As more and more services are provided online, there is a stronger need to secure information and avoid leaks and data breaches. In 2016, the Independent Insurance Agents and Brokers of New York, New York Insurance Association and the Professional Insurance Agents of New York created guidelines to combat security breaches. The state Department of Financial Services also updated its cybersecurity regulations for financial institutions to require the establishment of a cybersecurity officer, the use of multifactor authentication and the establishment of an incident response plan.
Chairman, State Senate Insurance Committee
C&S: What is your committee doing to keep up with advancing technology?
JS: The Senate Insurance Committee just recently passed my bill (S427) that would clear the way for peer-to-peer personal vehicle sharing. Car sharing, as it is known, would provide a number of economic, environmental and transportation benefits.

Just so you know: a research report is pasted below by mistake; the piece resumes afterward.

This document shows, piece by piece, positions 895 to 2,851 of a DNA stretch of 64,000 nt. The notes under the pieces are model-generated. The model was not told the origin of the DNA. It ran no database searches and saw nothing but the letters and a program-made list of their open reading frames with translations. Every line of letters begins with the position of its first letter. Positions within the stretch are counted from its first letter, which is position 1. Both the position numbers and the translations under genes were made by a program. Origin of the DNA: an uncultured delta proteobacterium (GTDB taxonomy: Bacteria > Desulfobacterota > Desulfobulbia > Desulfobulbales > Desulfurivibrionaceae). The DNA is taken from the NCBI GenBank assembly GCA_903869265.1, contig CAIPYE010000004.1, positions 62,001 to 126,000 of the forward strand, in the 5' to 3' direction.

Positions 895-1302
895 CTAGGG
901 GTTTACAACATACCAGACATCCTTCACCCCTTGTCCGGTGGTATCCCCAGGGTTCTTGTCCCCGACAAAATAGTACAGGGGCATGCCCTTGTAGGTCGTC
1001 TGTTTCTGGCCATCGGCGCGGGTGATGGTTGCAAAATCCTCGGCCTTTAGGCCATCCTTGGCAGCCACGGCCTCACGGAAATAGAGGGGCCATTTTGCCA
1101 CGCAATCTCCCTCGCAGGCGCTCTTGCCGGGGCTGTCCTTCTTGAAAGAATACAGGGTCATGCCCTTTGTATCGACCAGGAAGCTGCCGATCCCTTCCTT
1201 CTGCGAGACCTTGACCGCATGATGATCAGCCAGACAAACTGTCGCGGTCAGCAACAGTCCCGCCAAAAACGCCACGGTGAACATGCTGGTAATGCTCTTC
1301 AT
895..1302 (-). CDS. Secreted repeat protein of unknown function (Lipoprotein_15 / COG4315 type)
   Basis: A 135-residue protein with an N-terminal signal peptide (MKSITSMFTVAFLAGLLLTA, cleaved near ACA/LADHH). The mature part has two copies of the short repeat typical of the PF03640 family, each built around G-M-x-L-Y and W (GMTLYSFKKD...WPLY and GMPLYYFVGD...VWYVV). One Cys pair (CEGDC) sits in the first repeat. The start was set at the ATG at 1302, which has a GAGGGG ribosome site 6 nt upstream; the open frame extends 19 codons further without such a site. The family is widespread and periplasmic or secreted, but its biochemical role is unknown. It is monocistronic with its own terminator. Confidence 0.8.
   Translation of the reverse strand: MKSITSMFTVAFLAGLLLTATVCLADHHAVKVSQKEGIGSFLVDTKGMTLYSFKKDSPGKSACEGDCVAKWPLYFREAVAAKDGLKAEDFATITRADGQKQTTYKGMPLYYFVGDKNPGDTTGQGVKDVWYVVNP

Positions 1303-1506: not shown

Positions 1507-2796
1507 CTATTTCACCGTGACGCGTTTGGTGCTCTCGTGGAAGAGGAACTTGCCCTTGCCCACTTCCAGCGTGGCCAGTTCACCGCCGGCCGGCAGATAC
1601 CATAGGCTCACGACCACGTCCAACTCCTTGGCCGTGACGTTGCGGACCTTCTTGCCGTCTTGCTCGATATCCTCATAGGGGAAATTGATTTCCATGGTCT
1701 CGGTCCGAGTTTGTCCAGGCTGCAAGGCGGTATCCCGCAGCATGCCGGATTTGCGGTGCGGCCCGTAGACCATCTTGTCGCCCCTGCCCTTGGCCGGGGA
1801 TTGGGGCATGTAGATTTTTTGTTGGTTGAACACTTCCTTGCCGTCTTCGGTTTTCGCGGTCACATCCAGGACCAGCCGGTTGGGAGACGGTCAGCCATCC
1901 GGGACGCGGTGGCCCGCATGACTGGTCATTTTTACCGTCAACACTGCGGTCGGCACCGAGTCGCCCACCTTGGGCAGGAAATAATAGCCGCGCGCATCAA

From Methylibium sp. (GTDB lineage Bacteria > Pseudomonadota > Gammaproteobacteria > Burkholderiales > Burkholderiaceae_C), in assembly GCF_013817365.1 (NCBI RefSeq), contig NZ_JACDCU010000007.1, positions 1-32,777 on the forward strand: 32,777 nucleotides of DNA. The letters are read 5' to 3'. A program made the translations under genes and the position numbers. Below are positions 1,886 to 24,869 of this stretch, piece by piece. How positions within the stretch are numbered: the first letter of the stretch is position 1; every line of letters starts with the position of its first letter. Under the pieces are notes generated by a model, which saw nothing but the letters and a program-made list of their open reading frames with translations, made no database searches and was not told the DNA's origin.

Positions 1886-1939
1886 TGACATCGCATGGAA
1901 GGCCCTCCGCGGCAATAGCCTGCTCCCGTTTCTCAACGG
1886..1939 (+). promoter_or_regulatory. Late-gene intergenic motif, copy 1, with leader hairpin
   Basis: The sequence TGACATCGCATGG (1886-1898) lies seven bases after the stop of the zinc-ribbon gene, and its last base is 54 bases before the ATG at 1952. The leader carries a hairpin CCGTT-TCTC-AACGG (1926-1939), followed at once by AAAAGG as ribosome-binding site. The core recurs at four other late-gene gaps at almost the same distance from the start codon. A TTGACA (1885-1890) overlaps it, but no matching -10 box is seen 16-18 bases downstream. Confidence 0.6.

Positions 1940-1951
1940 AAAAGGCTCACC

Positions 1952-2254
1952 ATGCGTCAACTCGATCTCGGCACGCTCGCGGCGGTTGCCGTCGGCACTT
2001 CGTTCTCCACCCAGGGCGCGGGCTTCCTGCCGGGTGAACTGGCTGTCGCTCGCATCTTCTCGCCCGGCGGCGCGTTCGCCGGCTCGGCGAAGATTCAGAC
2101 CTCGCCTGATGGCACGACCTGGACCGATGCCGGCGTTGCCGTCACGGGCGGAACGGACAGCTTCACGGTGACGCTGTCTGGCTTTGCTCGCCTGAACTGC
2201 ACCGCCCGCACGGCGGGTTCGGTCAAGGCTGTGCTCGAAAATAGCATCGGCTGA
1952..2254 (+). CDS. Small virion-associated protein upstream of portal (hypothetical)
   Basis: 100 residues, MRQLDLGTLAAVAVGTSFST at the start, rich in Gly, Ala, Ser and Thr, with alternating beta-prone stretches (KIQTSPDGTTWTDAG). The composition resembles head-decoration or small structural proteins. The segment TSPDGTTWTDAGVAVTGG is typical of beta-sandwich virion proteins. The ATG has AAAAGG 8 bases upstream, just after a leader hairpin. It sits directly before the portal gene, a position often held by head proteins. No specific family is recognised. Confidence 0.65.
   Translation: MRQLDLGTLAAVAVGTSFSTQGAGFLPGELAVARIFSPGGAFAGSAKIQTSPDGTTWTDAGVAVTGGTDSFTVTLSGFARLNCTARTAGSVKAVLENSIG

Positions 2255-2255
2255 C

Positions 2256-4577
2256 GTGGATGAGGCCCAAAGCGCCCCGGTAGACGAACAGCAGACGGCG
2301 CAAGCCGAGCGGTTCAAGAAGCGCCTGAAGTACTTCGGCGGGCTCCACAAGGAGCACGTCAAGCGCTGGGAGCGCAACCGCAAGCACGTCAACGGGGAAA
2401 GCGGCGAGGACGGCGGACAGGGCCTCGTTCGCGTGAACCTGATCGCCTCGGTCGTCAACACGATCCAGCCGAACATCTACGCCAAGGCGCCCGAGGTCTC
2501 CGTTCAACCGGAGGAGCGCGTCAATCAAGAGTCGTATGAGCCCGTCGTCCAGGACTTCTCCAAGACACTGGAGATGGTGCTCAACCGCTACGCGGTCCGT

I am also working on a bill (S2526) that would allow all insurance notices and documents to be delivered electronically with policyholder consent. You would think this would be common sense in today’s electronic world; however, current law requires documents or notices be “mailed.” Several consumer safeguards are built into the legislation, which mirrors similar laws already in place in at least 13 other states.
Finally, I am awaiting a report concerning autonomous cars. Last year’s state budget authorized demonstrations and tests of the burgeoning technology with strict oversight by the DMV and the New York State Police. A report is due by June 1, and I look forward to evaluating the findings.